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The 79th Venice Film Festival officially kicked off the fall Oscar race on Thursday afternoon with Todd Field’s “Tár,” a drama starring Cate Blanchett as a famous composer embroiled in a public scandal. The film was showered with an ecstatic six-minute standing ovation as the audience inside the Sala Grande Theatre kept chanting “Bravo!“
Clutching the hand of festival chief Alberto Barbera, Blanchett took a bow — but the clapping continued and even grew louder. When the applause finally ended, a misty-eyed Blanchett turned to someone on her team and said: “Let’s get a drink.”
Indeed, Blanchett’s work in “Tár” will likely be one of the most toasted performances of Oscar season. The enthusiastic reviews for the film all but guarantee Blanchett will land her eighth Oscar nomination for acting. (She’s already won two Academy Awards — for 2005’s “The Aviator” and 2014’s “Blue Jasmine” — but “Tár” is bound to stir up speculation that she could take home a third statuette in March 2023.)
The buzz for “Tar,” which Focus Features will release in theaters on Nov. 7, was strong even before it premiered. The movie marks a return to directing for Todd Field after a 15-year break. He has said that he wrote the script for Blanchett. At the late afternoon premiere on the Lido, crowds gathered outside the red carpet for a glimpse of “Cate! Cate! Cate!” as they called her, holding up signs and movie posters. Blanchett worked the fan line, quickly signing dozens of autographs before she had to go inside for the movie to start.
The “Tár” supporting cast includes Nina Hoss, Noémie Merlant, Mark Strong, Julian Glover, Allan Corduner, Sophie Kauer and Sylvia Flote. Hildur Guðnadóttir, the Icelandic composer whose 2020 original score for “Joker” won the Oscar, worked on the film’s original compositions.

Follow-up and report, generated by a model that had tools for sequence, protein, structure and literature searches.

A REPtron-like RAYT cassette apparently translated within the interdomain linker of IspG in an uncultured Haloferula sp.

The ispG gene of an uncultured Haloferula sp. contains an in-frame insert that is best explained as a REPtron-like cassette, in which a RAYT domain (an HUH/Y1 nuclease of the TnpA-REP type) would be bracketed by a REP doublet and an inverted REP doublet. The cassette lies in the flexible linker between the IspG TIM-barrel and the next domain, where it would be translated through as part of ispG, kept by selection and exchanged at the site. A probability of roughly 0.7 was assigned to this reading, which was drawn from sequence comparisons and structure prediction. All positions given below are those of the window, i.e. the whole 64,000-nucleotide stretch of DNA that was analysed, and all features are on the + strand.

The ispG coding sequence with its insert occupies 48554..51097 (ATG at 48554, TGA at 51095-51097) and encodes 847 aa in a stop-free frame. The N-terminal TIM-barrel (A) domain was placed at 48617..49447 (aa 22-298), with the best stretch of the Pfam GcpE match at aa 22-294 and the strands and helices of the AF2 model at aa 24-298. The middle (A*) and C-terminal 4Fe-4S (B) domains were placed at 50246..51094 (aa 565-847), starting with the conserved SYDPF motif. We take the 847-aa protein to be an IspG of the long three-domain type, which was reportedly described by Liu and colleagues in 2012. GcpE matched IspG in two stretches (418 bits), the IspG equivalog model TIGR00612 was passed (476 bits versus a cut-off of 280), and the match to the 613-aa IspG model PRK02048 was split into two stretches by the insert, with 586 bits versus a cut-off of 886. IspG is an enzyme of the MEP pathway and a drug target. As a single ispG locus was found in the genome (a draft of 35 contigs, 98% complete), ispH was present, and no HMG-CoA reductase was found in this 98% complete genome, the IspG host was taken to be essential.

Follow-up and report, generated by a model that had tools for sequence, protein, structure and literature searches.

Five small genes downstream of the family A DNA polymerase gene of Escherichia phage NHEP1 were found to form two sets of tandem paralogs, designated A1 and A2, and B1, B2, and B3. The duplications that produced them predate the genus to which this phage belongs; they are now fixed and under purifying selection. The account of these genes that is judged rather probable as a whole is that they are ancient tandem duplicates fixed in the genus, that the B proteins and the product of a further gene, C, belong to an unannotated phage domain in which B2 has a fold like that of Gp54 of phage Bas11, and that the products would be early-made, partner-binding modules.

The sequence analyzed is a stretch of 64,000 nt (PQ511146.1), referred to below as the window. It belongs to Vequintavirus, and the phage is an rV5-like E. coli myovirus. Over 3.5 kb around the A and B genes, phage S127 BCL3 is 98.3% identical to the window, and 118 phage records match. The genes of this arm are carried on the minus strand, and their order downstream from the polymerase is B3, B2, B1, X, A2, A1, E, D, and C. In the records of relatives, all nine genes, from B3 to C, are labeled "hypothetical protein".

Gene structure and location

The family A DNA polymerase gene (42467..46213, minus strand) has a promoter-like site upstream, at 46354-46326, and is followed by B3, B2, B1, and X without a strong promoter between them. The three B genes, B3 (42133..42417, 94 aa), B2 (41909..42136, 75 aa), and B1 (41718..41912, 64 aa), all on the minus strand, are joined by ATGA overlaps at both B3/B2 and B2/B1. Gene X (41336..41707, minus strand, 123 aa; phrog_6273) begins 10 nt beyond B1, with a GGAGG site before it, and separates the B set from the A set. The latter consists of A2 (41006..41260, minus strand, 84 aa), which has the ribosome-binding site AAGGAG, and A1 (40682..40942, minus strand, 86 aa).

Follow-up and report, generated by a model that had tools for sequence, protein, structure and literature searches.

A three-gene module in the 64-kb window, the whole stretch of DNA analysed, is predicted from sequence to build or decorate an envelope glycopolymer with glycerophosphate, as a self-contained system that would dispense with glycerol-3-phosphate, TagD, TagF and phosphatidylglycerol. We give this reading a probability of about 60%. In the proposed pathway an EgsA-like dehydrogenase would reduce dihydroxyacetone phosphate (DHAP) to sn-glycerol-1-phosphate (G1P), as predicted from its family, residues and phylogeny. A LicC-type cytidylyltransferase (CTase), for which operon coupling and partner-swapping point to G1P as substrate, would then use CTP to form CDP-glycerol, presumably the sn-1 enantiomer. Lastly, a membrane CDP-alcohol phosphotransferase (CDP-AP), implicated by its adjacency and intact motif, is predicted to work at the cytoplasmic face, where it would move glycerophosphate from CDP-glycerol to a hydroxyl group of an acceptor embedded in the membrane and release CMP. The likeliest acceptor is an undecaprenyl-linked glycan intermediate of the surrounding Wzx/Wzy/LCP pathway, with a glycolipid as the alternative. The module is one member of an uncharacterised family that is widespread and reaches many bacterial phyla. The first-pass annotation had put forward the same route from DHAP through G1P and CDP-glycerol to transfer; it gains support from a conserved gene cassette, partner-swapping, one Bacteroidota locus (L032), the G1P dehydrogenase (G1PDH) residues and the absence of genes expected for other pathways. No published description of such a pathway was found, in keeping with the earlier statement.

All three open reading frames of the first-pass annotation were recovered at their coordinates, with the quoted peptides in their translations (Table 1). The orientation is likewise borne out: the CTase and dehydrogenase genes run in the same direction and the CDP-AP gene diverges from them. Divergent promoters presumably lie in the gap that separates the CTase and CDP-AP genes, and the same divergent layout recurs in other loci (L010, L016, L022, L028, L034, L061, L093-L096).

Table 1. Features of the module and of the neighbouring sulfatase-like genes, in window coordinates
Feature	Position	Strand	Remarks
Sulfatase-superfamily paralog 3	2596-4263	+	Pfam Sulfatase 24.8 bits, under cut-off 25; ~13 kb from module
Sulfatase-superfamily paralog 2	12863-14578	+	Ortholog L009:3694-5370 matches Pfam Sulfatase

Field, whose acting credits have ranged from Stanley Kubrick’s “Eyes Wide Shut” to the ABC family drama “Once and Again,” made his directorial debut in 2001 with “In My Bedroom.” The critically acclaimed drama starring Sissy Spacek earned five Oscar nominations, including best picture. His 2006 follow-up “Little Children” received similar awards attention, nabbing three Oscar nods. Both of his feature films have been nominated for adapted screenplay Oscars.
In his rave review of “Tár” out of Venice, Variety’s film critic Owen Gleiberman wrote, “The movie is breathtaking — in its drama, its high-crafted innovation, its vision. It’s a ruthless but intimate tale of art, lust, obsession, and power…The characters in it feel as real as life. (They’re acted to richly drawn perfection down to the smallest role.) You believe, at every moment, in the reality you’re seeing, and it’s extraordinary how that raises the stakes.”
Focus Features will also be screening “Tár” at the upcoming New York Film Festival. Focus has several prospective Oscar contender this year, including James Gray’s “Armageddon Time.” Gray’s drama world premiered at the Cannes Film Festival and will also screen along with “Tár” at the New York Film Festival.
Variety's Ramin Setoodeh and Zach Sharf contributed to this post.